Tuesday, June 4, 2013

If You Think the Mosquitoes Are Bad This Year...

It's not just you.

What is the deal with mosquitoes in Michigan this year?  I wouldn’t let my two-year-old play outside the other night for fear she would be carried away by the tiny monsters.  For the first time ever, we had a company come over and spray our yard to get rid of the bloodsuckers.  Everyone is commenting on social media outlets about this year’s epidemic.  There is an obvious cause this year - the Great Flood of 2013.  With all of the water pooling up and around West Michigan, it has provided an extra large area that is perfect for mosquitoes to lay their eggs.  Because I have spent so much time researching food compost and commercial compost, I began to wonder if compost attracted mosquitoes.  The answer may surprise you.  

Food compost is decomposed organic material made of plant waste, food waste, and animal waste. The process of decomposition is called composting, and in order to have efficiency in composting, you need high temperatures and humidity within the core, or center, of the compost pile.  This is the same for commercial compost.  
So what happens if you do not have an efficient compost pile?  Pests invade looking for food.  Mosquitoes are one of those pests.  Additionally, you might find midges and gnats; these are two of the most common type of pests mistaken for mosquitoes. The largest difference between mosquitoes and pests that are related to them is that mosquitoes do not swarm, but gnats and midges do.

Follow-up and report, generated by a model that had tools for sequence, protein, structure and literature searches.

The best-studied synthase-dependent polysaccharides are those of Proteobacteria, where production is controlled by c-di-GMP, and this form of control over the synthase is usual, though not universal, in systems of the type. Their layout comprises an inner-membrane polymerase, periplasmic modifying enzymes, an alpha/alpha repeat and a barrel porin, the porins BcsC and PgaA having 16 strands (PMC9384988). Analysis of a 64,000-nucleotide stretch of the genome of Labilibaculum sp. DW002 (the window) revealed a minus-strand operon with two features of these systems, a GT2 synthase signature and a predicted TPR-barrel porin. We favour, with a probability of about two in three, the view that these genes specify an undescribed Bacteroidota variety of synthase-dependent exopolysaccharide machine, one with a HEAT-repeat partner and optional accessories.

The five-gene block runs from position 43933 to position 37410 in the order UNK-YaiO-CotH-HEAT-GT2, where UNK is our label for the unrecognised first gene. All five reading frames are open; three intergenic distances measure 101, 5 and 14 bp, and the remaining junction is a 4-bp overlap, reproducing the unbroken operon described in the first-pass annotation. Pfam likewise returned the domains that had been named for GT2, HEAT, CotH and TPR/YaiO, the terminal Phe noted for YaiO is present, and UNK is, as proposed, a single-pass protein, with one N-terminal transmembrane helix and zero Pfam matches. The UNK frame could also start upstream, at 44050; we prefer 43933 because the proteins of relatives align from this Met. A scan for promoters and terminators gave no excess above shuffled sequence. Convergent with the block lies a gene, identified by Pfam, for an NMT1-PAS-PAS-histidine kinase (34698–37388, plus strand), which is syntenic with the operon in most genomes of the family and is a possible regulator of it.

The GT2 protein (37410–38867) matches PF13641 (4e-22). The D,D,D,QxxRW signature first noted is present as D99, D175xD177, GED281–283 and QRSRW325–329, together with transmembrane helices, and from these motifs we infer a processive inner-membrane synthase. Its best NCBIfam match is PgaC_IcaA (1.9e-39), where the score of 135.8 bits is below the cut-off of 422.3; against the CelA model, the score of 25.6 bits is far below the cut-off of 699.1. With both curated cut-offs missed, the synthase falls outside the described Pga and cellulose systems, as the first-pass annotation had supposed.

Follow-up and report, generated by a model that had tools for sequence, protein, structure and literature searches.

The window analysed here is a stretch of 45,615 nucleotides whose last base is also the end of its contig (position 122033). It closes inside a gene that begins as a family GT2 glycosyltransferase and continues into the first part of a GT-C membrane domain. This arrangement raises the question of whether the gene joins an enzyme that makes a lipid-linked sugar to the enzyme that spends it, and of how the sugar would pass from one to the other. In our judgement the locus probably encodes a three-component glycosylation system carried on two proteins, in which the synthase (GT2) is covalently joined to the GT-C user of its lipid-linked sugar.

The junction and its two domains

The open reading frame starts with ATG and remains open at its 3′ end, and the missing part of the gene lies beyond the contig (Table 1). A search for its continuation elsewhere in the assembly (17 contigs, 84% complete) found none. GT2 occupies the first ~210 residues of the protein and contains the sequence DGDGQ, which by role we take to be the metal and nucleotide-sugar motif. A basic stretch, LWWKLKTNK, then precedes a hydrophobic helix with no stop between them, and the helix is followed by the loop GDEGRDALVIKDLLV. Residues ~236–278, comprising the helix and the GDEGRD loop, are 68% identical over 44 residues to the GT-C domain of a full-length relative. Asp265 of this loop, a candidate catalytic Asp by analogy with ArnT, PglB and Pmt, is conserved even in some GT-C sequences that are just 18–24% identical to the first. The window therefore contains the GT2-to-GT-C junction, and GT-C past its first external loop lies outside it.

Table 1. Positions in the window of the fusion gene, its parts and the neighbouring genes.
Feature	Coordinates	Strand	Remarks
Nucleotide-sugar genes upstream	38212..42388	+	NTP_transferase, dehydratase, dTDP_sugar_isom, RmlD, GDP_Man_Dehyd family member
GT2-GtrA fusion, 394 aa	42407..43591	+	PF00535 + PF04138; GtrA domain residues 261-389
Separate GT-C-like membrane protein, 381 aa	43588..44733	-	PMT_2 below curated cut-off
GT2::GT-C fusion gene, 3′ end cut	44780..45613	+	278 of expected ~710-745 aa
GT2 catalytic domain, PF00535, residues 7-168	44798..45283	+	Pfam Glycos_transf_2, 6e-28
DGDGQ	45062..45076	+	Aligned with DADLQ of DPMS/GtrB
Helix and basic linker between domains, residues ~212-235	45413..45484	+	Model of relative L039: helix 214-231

A compost pile can go very, very wrong if certain elements are not in place.  Heat and humidity are two vital factors in the composting process. Unfortunately, they can also produce favorable conditions for mosquito eggs to hatch. The temperature at the center of the compost pile must be within 140 to 160 degrees Fahrenheit. It is important to avoid moisture buildup because this attracts mold, pests, and insects that lay eggs in the compost. Mosquito eggs thrive in these conditions.  

There is a time frame needed for compost piles to cycle through the process of composition, which can take as little as 60 days - the optimal range is between 90 and 120 days - after the process first starts. During this time you must turn the pile daily. This will help keep the environment clean of mosquito eggs. The eggs will not have enough constant heat and moisture to hatch. To control the moisture level, use a ratio of three parts dry material to one part wet material. Also, to make sure you are controlling the heat in your pile, you have to turn it every day.  Don’t get lazy!  Make sure you are maintaining an optimal environment for your compost so that you can avoid contributing to the mosquito population this summer!

--Megan Cooperider lives in Grand Rapids, MI and occasionally blogs for New Soil.